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Power Up

While facilities managers don’t need to be experts, having a basic understanding of electrical systems can help them operate during emergencies.

By Regina Ludes

Electrical power is needed to operate everything from lighting and HVAC systems to computer equipment and refrigeration units. Without power, you wouldn’t be able to serve restaurant customers, and retail customers wouldn’t be able to shop. The disruption of business could mean losing customers and losing revenue. While they don’t need to be experts in electrical systems, facilities managers who understand the basics of the components can spot potential problems before they occur.

Len Segal, Stones River Electric
Len Segal, Stones River Electric

Electrical systems are often overlooked in the daily operations of a facility — until something goes wrong. But facilities managers should make it part of their regular maintenance routine, keeping safety in mind. “A regular inspection as part of an electrical maintenance plan can alert you to frayed wiring or overloaded outlets, which, left unchecked, could result in fire and serious damage,” said Len Segal, Business Development Director with Stones River Electric in Madison, Tennessee, outside of Nashville.

Routine inspections are also helpful to monitor a site’s energy consumption. In grocery stores, about 60% of energy is consumed by the HVAC system, while lighting consumes only 30%.

Preventive maintenance programs are rare for electrical systems in retail locations, so it’s common for FMs to be in reactionary mode when electrical failures occur, Segal added. For example, during a power outage, managers may need to access data about their systems to understand the type of emergency generator they may need. “If your team doesn’t have data available, the local electrical utility can often provide resources,” Segal said. It’s always best to call a professional to perform proper maintenance.

What FMs Should Know

Segal offered several tips for maintaining electrical systems.

Keep good records. Know the types of equipment you have, when they’ve been inspected and if they’ve been repaired or had parts replaced. Allocate budget resources wisely for repairs and upgrades, whether planned or unexpected.

Pay attention to unusual smells, noises or smoke. These are usually signs that some component of the electrical system is not working properly. “Some light ballasts will make a humming sound, for example, which usually indicates that it’s getting ready to fail and should be replaced,” Segal said. Intermittent issues, like strobing lights or items taking longer than usual to turn on, can also indicate that a component is not working properly. In addition to lighting, a step-down transformer can make buzzing and humming sounds before it fails and a 75kva transformer could potentially put anyone nearby in immediate danger if it were to fail.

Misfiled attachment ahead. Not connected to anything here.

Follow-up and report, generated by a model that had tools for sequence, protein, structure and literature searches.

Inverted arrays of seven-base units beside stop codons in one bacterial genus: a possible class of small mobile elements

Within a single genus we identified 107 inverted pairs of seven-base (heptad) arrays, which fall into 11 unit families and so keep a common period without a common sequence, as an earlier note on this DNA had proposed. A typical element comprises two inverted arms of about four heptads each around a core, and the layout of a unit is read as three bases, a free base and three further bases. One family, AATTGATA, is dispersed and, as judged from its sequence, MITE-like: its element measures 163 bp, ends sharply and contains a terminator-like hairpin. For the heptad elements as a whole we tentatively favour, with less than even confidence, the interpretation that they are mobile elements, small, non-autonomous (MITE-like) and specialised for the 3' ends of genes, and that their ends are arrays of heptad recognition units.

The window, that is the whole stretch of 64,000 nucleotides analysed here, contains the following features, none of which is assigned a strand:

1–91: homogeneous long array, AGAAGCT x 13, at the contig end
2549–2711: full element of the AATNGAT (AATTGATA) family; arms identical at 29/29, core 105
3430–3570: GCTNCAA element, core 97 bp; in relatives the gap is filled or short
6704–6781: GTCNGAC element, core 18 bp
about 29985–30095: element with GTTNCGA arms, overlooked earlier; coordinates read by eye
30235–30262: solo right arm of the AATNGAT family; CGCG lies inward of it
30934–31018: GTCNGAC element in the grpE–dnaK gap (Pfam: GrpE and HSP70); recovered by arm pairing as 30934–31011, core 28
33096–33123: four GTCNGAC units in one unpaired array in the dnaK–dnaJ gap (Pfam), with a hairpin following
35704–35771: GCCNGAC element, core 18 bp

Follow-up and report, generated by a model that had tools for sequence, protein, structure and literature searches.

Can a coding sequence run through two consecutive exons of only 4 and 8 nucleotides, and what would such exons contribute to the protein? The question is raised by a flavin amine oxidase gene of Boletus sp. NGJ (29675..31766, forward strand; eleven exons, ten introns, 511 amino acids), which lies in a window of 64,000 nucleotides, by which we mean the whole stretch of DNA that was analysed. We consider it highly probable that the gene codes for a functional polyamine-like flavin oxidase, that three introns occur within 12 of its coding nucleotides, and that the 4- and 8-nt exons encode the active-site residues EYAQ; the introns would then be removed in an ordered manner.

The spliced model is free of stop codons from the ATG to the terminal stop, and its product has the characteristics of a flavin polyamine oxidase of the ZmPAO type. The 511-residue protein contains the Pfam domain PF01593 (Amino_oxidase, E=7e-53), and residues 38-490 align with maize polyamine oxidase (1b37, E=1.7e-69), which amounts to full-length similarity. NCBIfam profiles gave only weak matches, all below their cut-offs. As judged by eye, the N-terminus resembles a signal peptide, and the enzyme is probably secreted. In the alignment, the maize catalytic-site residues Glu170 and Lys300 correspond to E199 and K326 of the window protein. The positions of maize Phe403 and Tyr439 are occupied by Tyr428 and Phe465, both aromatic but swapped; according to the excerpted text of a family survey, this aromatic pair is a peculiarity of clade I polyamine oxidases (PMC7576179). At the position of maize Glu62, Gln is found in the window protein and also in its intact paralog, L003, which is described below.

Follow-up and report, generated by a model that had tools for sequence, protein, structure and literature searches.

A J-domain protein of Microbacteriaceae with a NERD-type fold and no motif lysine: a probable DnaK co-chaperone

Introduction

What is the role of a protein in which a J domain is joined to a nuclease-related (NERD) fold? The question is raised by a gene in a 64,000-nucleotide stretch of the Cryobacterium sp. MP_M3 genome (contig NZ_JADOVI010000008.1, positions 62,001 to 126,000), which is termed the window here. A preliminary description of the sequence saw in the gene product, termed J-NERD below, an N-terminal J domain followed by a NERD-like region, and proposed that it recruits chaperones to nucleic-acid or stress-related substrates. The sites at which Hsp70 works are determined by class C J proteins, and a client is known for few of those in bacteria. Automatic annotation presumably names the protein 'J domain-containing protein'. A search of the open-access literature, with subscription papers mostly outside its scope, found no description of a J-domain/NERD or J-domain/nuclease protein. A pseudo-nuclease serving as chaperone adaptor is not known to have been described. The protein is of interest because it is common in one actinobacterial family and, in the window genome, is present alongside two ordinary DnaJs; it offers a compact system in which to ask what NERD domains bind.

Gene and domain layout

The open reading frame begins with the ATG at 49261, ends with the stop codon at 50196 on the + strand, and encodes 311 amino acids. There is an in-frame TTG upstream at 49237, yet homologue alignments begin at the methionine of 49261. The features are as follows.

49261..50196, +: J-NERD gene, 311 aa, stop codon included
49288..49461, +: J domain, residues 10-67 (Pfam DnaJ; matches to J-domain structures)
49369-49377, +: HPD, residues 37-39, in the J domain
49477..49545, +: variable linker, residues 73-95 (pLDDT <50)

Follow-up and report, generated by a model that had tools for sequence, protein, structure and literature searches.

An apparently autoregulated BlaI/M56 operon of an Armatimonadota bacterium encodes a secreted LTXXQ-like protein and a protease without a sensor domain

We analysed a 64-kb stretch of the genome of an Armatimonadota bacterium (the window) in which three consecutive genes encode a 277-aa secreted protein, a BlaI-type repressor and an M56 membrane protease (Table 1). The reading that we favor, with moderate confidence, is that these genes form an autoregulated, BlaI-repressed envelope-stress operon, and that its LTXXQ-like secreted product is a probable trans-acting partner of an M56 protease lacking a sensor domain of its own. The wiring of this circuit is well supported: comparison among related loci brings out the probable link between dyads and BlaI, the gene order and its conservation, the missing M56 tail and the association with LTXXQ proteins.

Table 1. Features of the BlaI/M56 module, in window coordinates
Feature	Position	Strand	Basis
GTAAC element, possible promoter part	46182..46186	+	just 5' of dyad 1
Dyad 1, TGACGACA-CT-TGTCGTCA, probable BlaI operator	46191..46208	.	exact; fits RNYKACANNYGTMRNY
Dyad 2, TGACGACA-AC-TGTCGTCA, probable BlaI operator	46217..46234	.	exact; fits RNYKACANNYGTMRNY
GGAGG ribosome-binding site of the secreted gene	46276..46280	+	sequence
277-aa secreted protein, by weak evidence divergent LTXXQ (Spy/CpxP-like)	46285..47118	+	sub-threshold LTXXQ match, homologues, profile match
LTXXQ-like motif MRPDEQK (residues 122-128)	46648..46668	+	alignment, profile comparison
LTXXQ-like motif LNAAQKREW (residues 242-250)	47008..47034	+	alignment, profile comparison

Keep long-term operating costs in mind. When considering leasing options and energy upgrades, don’t look only at upfront costs. “Investing in something like LED lights, for example, might have some upfront costs, but the incremental investment and savings will more than pay for itself within months or years,” Segal said. Some suppliers, he added, offer a “pay from savings” option, so no capital is required for the upgrade.

Understand the basics of your site’s electrical service. Know the voltage and service amperage at the site so you know the energy capacity. That knowledge can also help FMs respond quickly during power shortages. 

Know the codes and standards governing the electrical industry. NFPA 70 is the National Electrical Code that outlines the safety requirements for Arc Flash labeling. Arc Flash incidents have increased but aren’t commonly known. NPPA 70B is the standard for electrical equipment and infrared testing. The 2023 update recommends inspections on electrical gear every 12 months.

What’s New in Electrical Systems?

Many sites are increasingly implementing energy management systems (EMS) and building management systems (BMS) systems. EMS is designed to monitor energy use at a location, while BMS gives managers necessary data to make non-energy-related decisions about the site’s operations. 

With Internet of Things (IoT) technology, managers can connect devices and sensors to the internet, which allows them to monitor their assets, streamline operations and track energy consumption. There’s also a push toward implementing hydrogen into power systems, Segal said.

Another development is revisions to electrical system requirements. “In 2024, the challenge is to understand the changes in the new reference documents. For example, Arc Flash labeling requirements of electrical systems are changing, and FMs need to understand the impact this might have on their facilities.”

Facilities managers who stay on top of these trends and technologies can make better decisions about their electrical needs in the future.

Looking for more facilities management education? Visit the ConnexFM Education and Resources page today.

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